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Are You a Hoarder? How to Really Make Space in Your Closet

Purchase a dowel rod and pole supports, and you've got a place to hang clothes. Do-it-yourself custom closets are fairly inexpensive, and most landlords are OK with tenants drilling into the walls.
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Do friends come over, take one look at your apartment and label you a hoarder? Or are you mostly organized, but afraid to open your closet lest a waterfall of stuff land squarely on your noggin?

In all seriousness, hoarding is a legitimate mental illness that's linked to obsessive compulsive disorder, and if you fall in the category, you should seek professional help. However, if your closet is just in need of some TLC, then we've got some tips and tricks. Here's a look at how to clean out and make space in your closet to keep the rest of your apartment clutter-free:

Get Rid of Stuff

This step will truly test whether you're a hoarder or just have issues with cleaning. Go through your closet (and the rest of your apartment) and get rid of anything you don't need or use. This includes clothes that don't fit, are damaged or are no longer your style.

It also means discarding papers you may have collected, that old magazine collection you say you'll look at but never do and shoes that are falling apart.

Hoarders assign sentimental value to everything from newspapers from 1980 to gum wrappers, and struggle emotionally to get rid of their stuff. If you're holding a McDonald's box and don't want to toss it, you might have an issue. Most people, however, will have a harder time packing up old clothing and shoes.

Be discerning and brutally honest when purging your closet and apartment. Do you need this? Do you have space for this? Is it in good condition? If any answer is no, then throw it out. Keep a garbage bag on hand when purging so you can immediately toss things you don't plan to keep.

Of course, if the items you're discarding are in great condition, but you just don't use them, consider donating them to a thrift store -- you can even write the kindness off on your next tax form if the value is large enough.

Plan Your Storage

Once you have a nice, empty closet (you should have taken out even the items you'll keep), you can plan what you'll use the space for. Whether it's clothing, shoes, cords or anything else, you'll benefit from devising a storage scheme.

Know exactly what your space has to hold so you can design a more efficient storage plan. For instance, if you're storing clothing, you may decide to add another pole to the closet so you have one on top for shirts and one lower for pants. Then you may also need a shoe rack to place on the floor.

Clean Your Closet

Before you start putting anything back in your closet, including organizers, you should clean. The only other time this space will be empty is when you move out, so why not rid the area of dust while you're still living in your apartment?

Wipe down shelves, vacuum or sweep (depending on what floors you have) and spritz a little air freshener.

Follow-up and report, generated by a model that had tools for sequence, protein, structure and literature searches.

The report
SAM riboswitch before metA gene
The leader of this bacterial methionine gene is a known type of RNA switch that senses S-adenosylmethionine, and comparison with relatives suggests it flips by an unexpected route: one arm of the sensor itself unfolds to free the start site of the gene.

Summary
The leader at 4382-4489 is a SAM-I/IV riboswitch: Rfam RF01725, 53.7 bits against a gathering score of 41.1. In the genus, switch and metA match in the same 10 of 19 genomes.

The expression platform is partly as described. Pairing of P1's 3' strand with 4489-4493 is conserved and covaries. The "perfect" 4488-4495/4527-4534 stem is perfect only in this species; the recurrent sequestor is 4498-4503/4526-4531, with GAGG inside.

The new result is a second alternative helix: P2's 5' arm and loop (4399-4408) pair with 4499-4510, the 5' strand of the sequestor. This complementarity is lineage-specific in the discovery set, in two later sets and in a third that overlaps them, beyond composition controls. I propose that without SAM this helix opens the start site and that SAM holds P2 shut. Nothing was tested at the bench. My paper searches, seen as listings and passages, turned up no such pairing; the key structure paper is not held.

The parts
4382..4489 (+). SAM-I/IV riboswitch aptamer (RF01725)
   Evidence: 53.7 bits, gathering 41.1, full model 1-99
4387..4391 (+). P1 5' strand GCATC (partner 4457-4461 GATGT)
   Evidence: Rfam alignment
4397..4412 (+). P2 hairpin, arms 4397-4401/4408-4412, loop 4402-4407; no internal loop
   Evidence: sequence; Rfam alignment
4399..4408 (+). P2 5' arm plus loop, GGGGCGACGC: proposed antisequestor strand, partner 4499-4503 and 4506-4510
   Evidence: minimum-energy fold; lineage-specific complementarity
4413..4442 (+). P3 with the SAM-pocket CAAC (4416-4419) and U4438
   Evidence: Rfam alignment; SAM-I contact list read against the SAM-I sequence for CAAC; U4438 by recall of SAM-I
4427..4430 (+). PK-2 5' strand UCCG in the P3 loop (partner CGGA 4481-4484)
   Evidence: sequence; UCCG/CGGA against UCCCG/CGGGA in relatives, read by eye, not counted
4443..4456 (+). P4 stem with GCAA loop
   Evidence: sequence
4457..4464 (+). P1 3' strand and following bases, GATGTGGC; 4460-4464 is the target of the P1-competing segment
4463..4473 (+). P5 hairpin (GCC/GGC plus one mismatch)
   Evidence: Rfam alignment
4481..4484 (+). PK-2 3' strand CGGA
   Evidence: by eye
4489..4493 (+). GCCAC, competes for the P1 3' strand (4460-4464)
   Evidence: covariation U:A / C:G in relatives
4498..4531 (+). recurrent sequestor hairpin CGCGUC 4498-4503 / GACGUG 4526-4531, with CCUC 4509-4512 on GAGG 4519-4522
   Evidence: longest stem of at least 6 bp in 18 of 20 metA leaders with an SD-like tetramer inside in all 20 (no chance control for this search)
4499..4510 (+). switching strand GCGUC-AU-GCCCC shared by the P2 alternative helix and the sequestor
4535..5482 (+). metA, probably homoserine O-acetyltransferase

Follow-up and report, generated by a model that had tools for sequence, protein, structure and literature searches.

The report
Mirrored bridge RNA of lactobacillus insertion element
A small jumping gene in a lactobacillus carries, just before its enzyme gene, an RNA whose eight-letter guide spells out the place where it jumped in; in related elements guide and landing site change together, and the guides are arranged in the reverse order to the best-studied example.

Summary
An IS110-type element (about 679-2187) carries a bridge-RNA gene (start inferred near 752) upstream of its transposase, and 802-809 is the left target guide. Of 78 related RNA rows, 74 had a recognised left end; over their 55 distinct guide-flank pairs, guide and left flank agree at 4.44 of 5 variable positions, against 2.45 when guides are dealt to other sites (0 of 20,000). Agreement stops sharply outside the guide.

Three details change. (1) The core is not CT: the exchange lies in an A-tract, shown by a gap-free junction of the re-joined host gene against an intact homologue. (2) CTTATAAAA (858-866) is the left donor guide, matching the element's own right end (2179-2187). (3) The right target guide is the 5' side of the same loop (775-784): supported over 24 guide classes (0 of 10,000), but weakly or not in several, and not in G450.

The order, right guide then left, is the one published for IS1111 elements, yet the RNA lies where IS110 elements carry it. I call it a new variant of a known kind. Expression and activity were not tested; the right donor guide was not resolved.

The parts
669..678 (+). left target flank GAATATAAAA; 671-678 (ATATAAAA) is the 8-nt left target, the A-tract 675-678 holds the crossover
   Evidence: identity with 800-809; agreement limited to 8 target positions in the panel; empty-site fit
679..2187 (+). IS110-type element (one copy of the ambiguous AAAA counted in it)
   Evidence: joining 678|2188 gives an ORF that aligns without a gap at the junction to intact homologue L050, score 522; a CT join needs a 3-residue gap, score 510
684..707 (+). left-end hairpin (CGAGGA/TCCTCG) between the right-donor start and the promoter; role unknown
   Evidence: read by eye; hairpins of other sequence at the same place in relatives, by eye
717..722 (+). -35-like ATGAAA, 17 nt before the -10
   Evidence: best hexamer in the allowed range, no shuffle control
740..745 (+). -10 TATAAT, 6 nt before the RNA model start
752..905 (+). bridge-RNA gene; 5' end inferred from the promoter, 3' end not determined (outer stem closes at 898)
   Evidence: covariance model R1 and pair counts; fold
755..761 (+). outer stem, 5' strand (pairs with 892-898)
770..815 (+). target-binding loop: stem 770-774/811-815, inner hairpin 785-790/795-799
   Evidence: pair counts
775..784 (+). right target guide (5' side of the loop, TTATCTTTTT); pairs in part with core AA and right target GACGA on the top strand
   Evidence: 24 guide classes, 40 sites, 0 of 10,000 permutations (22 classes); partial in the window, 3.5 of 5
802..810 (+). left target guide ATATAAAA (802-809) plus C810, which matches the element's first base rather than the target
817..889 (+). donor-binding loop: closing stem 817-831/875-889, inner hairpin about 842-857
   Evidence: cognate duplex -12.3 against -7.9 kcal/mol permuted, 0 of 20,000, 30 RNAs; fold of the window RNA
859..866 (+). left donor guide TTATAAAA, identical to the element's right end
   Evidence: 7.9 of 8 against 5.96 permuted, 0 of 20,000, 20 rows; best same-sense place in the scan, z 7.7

Use Organizing Tools

Your closet won't be any more spacious after your purge if it still only has one rack for hanging items. You have all that vertical space, so make use of it by installing organizing tools! This includes shelves, poles, racks and hooks. These items give you more surface area in which to store your belongings.

At this point, you should know what you're using your closet to store and have an idea of what tools will support your vision. You can build some organizers yourself-- hanging a shelf with basic brackets requires only a drill and screws.

Purchase a dowel rod and pole supports, and you've got a place to hang clothes. Do-it-yourself custom closets are fairly inexpensive, and most landlords are OK with tenants drilling into the walls.

Additionally, if you don't want to install shelves, purchase hanging fabric shelves, which use hooks to dangle off your clothing rod.

By the same token, only use organizational tools to a point. They should be flexible enough that if you change your wardrobe or switch out other items, the devices you've installed still work. Additionally, picking only a few organizers you'll actually use will keep costs down.

Sort Your Belongings

Before you can put everything back in your closet, sort it out! How you do this is a matter of personal preference. For instance, you can sort your items by type of clothing (i.e., tops, pants, jackets and dresses), sleeve length, color, etc. Or, organize by most to least used.

However you choose to sort, put your items in piles, and when you're done, you can stick everything in your closet.

Put it all Away

Now that you've pared down your belongings, cleaned and restructured your closet and sorted your stuff, you can put it all away (finally)! Insert your sorted piles according to however you want to organize them.

For instance, you might put the items you use most front and center and hang the rest in the back or corners of the closet. Also, you can stick a box of out-of-season clothing on the top shelf -- you won't need that stuff for a few months anyway.

With these tips, your closet will look less like a hoarder's and more like a well-organized dream space.